I do not belong to a CSA because my situation is very different. My town does not have a grocery store but we are surrounded by farms that have their own markets. The farms are open June-Thanksgiving and I shop for my produce that way. It is nice because you can often speak with the farmers about the best way to prepare certain veggies.
    PS I’ve only seen rhubarb too here in MD.

    1. Pinch of Yum Logo

      I love the idea of speaking with the farmers! I once had a farmer comment on an old recipe for a garlic scape dip and I was so honored to have a virtual chat with him about how much he enjoyed the dip using his own scapes. So awesome!

  7. Pinch of Yum Logo

    I totally just hit the “print” button when I got to the bottom of your post! This looks amazing. And I like that the sodium count is on the lower end– most cheesy pasta dishes are so high!

  8. Pinch of Yum Logo
    Amy Lundebrek

    Hi there Lindsay,

    Since you are also from Minnesota, I wanted to mention that we’ve had great luck with the Harmony Valley Farm CSA. We’ve been members for several years now. At first I didn’t have any idea what to do with the vegetables I’d never heard of… but I learned, and we’re all the better for it!

    Amy

    1. Pinch of Yum Logo
      Annie

      I did a CSA with Harmony Valley Farms a few years back and loved it! In terms of CSAs in general, I definitely think you have to be up for the challenge of getting vegetables that you’ve never heard of and don’t know what to do with! Think of it as an educational experience! Harmony Valley really helped in this area by providing recipes along with each week’s box. Another important thing to think about is the amount of produce you can handle. When I did the CSA with Harmony Valley, I split it with one roommate and we got a box every-other-week. It was still a lot of produce for us!

      1. Pinch of Yum Logo

        That’s really true. We go through a lot because of the blog and everything, but it’s usually “normal” produce. I worry about the weirdo produce things. 🙂

  9. Pinch of Yum Logo
    Melissa

    Looks so delish! Sorry about your lack of variety of veggies at your farmers market. I live in Santa Monica, Ca where we have one of the biggest and best FM in the country. Google it! If you are ever in Los Angeles I highly suggest you come check it out. It’s crazy good!






  10. Pinch of Yum Logo
    Christina

    My husband and I subscribed to a CSA last year for the first time, and we really loved it. We did sometimes get random veggies or things that we didn’t know what to do with, but that was part of the fun of it, it really forced us to try new things and new ways of cooking. Most of the time we got very common and usable veggies with just a few randoms thrown in (and if there was something we really didn’t like, we were able to find friends who did who would happily take the offending items). I would say go for it! I am totally signing up for mine again this summer and can hardly wait for the first delivery!!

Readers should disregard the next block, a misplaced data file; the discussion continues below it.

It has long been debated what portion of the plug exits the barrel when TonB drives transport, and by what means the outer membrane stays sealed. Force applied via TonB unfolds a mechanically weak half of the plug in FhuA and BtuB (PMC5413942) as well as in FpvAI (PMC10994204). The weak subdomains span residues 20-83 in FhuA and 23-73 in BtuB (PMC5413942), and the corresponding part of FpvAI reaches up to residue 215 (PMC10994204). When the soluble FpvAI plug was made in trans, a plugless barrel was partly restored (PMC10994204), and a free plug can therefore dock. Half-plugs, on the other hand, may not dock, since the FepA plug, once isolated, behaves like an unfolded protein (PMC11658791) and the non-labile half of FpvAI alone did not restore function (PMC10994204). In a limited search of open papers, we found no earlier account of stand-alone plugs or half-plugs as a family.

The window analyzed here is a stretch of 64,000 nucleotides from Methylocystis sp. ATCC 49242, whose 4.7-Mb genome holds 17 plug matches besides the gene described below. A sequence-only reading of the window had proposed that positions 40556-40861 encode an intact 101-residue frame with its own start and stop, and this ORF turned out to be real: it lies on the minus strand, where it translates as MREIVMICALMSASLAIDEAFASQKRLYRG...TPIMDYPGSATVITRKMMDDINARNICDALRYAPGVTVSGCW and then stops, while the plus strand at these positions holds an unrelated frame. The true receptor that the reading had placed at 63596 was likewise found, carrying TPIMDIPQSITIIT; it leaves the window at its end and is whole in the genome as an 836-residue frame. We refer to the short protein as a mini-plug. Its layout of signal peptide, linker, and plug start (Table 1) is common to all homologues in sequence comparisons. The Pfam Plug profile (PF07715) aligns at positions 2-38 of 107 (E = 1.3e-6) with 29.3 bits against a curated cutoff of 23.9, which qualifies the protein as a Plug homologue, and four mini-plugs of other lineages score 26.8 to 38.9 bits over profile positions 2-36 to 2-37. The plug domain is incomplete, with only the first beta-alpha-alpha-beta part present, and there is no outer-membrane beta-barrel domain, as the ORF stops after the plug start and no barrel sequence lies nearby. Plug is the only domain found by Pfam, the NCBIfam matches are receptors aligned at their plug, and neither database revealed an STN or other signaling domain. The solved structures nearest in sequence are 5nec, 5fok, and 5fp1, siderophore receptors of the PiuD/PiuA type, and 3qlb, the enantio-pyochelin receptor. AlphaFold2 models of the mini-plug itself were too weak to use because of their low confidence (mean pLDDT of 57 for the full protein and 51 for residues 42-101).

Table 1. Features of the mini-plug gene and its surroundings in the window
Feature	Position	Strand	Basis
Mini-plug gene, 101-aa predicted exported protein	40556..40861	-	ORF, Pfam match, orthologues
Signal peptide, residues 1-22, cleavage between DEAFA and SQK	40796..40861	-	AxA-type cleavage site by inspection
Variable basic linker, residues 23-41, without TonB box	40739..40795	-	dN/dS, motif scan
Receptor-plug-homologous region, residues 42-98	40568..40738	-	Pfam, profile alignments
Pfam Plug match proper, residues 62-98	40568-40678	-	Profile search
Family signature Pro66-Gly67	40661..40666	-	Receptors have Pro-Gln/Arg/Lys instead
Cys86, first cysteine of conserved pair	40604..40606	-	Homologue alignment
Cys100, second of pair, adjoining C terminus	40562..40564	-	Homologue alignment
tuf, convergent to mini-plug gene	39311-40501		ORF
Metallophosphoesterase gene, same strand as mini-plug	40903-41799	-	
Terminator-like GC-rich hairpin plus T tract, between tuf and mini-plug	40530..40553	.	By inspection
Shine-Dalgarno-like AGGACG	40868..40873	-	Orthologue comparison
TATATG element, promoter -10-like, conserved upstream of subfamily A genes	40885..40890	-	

11. Pinch of Yum Logo

    I can’t wait for the farmers markets to start back up in Minneapolis…it’s my favorite weekend activity! That said – I have mixed feelings about CSA’s. I love supporting local farms, but I also like picking out my own stuff and hate wasting things, which sometimes happened to me the years I had a CSA. I think I’m gonna skip it this year (also because we’ll be out of town for the entire month of July) so I can explore new farmers markets in our new ‘hood. Also, this lasagna bake – OMG. YUM!

    1. Pinch of Yum Logo

      Good thoughts, Taylor. Part of what I like about the farmer’s market is going out and seeing all the stuff and picking whatever looks best. 🙂

  12. Pinch of Yum Logo

    I’ve done a few CSA’s over the years and have always LOVED them. It can be a little tricky at times though. One year there was a bad drought in the mid west, and our boxes weren’t as full as they usually were and what was in them, looked… well… a little tired.

    I really liked supporting a local business where I drove to the farm to pick up my veggies every week. Thought I work for a major food company, I always try to support the little guys when I can.

    One things I might suggest is splitting a share with someone else. If it’s just you and Bjork, it will be a LOT of veggies and lots of dark leafy greens. And I love that kinda stuff, but after 18+ weeks of it, I started making lots of soups and giving things to friends.

    My other tip, if you can find a fruit CSA, its a must do!!

    Best of luck! Great Post!

  13. Pinch of Yum Logo

    I too love peas but my fiance will not eat them 🙁 I’ve had friends and family use CSAs and overall they’ve been happy with them. I see them as kind of like a box you get on”Chopped,” in that you might not know what to do with some ingredients but your new fave vegetable might just be around the corner!

  14. Pinch of Yum Logo
    Ashlee

    So my boyfriend has been talking about doing a carb fast lately and I *was* on board … until now. He doesn’t really like cream sauces so it looks like he’s on his own wagon after this. Holy jeebus, Lindsay. This looks amazing!

    1. Pinch of Yum Logo

      Oooh bum. How are the carbs in gluten free pasta? Is that a dumb question? I like using GF pasta from time to time… maybe a good alternative!

      1. Pinch of Yum Logo
        Ashlee

        Well, I *did* get him to agree to high fiber noodles. He’s super suspicious of the GF noodles, so I haven’t been able to get him to agree to try them quite yet. Lol.

        Either way, lasagna will be happening ASAP. This looks divine.

  15. Pinch of Yum Logo
    Joi

    I agree with folks saying that CSAs can be pretty mysterious, but they can also open your world and palate to some cool food! I did not know what the heck kohlrabi was a few years ago, but once I learned it was like a potato, I made kohlrabi au gratin and I think my husband wanted to court me all over again! I must say what I think some other commenters are thinking…please join a CSA so you can post more awesome recipes using the mystery veggies!!!